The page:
Card firms find a profitable link

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Card firms find a profitable link


Local credit card companies are collaborating with non-financial businesses in a bid to improve profitability and make inroads into overseas markets.

Shinhan Card announced its plan to collaborate with the government and enter the real-estate lending and real-estate brokerage fee payment businesses on Tuesday.

In association with the Ministry of Land, Infrastructure and Transport, Shinhan will build an electronic real-estate contract system for housing transactions in Seocho District, southern Seoul. The card company offers lower lending interest rates than other credit-based lending products available at financial institutions and exempts fees.

Samsung Card launched a smartphone payment program with Samsung Electronics on Tuesday called the Galaxy Club, where Galaxy S7 buyers on a two-year installment payment plan can exchange their old phone for the next-generation Galaxy S smartphone the following year.

Lotte Card launched a card that offers heavy discounts on spending on cars. It includes lease, fuel, insurance and chauffer services, by collaborating with the group’s Lotte Rent-a-car. Card companies have not been active in expanding the auto payment business, as local carmakers such as Hyundai Motor, have dominated the sector with the group’s lending affiliate such as Hyundai Capital.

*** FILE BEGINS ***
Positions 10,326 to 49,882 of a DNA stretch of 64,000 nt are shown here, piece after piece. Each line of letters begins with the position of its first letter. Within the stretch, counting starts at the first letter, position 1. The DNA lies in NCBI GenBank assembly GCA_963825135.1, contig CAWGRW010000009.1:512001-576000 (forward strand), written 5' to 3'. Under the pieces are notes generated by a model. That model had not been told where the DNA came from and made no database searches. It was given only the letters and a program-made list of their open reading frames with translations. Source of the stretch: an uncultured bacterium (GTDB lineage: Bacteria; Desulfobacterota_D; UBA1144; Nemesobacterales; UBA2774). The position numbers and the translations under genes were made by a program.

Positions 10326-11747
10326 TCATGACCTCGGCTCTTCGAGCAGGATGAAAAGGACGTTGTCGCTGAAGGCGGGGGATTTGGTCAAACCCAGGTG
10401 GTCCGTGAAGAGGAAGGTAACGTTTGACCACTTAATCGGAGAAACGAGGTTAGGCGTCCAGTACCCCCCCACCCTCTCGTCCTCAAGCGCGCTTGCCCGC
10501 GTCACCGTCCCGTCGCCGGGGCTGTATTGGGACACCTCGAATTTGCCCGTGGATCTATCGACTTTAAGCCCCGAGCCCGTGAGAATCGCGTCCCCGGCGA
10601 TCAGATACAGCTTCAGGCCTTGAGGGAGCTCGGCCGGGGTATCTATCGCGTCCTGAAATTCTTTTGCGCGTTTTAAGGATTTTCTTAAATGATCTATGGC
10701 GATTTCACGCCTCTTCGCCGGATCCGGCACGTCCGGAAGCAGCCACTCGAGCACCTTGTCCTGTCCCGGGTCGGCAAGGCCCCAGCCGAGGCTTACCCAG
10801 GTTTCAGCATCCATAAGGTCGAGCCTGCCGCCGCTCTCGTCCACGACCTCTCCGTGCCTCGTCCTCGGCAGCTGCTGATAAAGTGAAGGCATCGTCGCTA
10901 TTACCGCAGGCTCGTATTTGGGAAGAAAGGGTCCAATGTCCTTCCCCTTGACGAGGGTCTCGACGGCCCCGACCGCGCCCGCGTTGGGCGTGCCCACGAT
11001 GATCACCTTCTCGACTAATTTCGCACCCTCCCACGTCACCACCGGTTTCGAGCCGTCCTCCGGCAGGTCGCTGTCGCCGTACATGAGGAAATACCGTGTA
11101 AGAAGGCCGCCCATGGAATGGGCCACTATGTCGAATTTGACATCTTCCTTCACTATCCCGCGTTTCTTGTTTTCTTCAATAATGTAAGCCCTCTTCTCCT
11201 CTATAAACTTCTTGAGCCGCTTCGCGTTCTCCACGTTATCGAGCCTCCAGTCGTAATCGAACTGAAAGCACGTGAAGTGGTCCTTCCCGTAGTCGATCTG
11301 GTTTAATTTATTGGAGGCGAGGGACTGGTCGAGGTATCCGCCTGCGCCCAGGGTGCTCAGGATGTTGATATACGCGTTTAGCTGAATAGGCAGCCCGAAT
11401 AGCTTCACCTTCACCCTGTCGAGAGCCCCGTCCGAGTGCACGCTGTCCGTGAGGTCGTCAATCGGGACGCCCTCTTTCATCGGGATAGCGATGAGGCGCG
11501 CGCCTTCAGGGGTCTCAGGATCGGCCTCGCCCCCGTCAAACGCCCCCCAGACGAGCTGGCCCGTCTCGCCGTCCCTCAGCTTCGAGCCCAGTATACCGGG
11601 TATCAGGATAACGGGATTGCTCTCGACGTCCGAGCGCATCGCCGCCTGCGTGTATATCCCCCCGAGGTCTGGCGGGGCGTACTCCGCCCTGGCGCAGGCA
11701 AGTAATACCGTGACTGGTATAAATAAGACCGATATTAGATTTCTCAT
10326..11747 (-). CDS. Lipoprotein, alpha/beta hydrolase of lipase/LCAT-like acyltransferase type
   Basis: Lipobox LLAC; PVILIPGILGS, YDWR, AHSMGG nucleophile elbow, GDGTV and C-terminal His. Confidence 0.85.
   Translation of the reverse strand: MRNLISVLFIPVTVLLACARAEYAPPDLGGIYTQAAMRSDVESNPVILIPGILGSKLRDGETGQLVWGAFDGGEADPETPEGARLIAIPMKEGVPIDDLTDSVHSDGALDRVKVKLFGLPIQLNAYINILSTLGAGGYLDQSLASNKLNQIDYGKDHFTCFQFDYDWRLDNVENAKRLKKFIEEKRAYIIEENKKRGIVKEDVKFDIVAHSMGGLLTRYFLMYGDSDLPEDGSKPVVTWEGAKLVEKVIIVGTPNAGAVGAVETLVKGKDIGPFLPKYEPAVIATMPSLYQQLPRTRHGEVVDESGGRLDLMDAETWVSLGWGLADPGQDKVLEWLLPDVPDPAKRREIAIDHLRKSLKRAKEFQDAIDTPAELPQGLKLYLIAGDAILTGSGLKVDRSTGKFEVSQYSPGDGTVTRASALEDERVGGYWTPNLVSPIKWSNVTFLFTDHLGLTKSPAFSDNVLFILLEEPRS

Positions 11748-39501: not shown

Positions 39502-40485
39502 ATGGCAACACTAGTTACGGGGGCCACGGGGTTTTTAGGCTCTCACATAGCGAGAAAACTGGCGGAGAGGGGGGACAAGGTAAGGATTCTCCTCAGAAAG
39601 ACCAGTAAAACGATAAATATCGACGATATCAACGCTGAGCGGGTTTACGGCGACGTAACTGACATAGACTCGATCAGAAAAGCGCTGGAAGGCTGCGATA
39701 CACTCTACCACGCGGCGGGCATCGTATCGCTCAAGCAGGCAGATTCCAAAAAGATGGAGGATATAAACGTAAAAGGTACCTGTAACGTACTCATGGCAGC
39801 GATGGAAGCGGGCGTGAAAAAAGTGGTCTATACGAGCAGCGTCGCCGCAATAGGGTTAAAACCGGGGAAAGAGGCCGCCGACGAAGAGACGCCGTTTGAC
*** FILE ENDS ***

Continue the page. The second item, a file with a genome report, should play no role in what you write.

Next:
Some card companies are also trying to find alternative sources of profit from overseas, largely emerging economies with plenty of growth potential.

Shinhan Card last year has entered Indonesia, Kazakhstan and India where the bank affiliate has operated for the past couple of decades. It is planning to enter Myanmar in the second half of this year.

BC Card obtained a business license from Indonesia at the end of January to establish a joint venture with a local card company. The two companies have pushed monthly credit card installment payment products for cars and lending businesses.

KB Kookmin Card signed an agreement this week with Indonesia’s Bank Central Asia to launch a service where Korean residents there can get credit cards based on credit held at home.

“The credit card market in Korea is already saturated, so that additional expansion is difficult unless they acquire each other,” said Ku Yong-uk, a senior researcher at KDB Daewoo Securities. ”Expanding overseas, in particular to emerging markets, is good strategy for local card companies.”

Overseas expansion costs less than making investments on new technology-enabled businesses at home and has plenty of low-risk middle-class customer bases to expand, Ku said. He added that gaining a card business license - which is a consumer finance business - is relatively easier than other types of financial sectors such as banking, said Ku.

Lee Cheol-ho, an analyst at Korea Investment & Securities, suggested that the card companies will also expand businesses using payment information as a means of personal credit rating and marketing for other sectors.

“A credit card payment record is the most credible standardized information to understand consumers,” Lee said. “So, I think the companies will profit from consumer data analysis by also collaborating with social media.”

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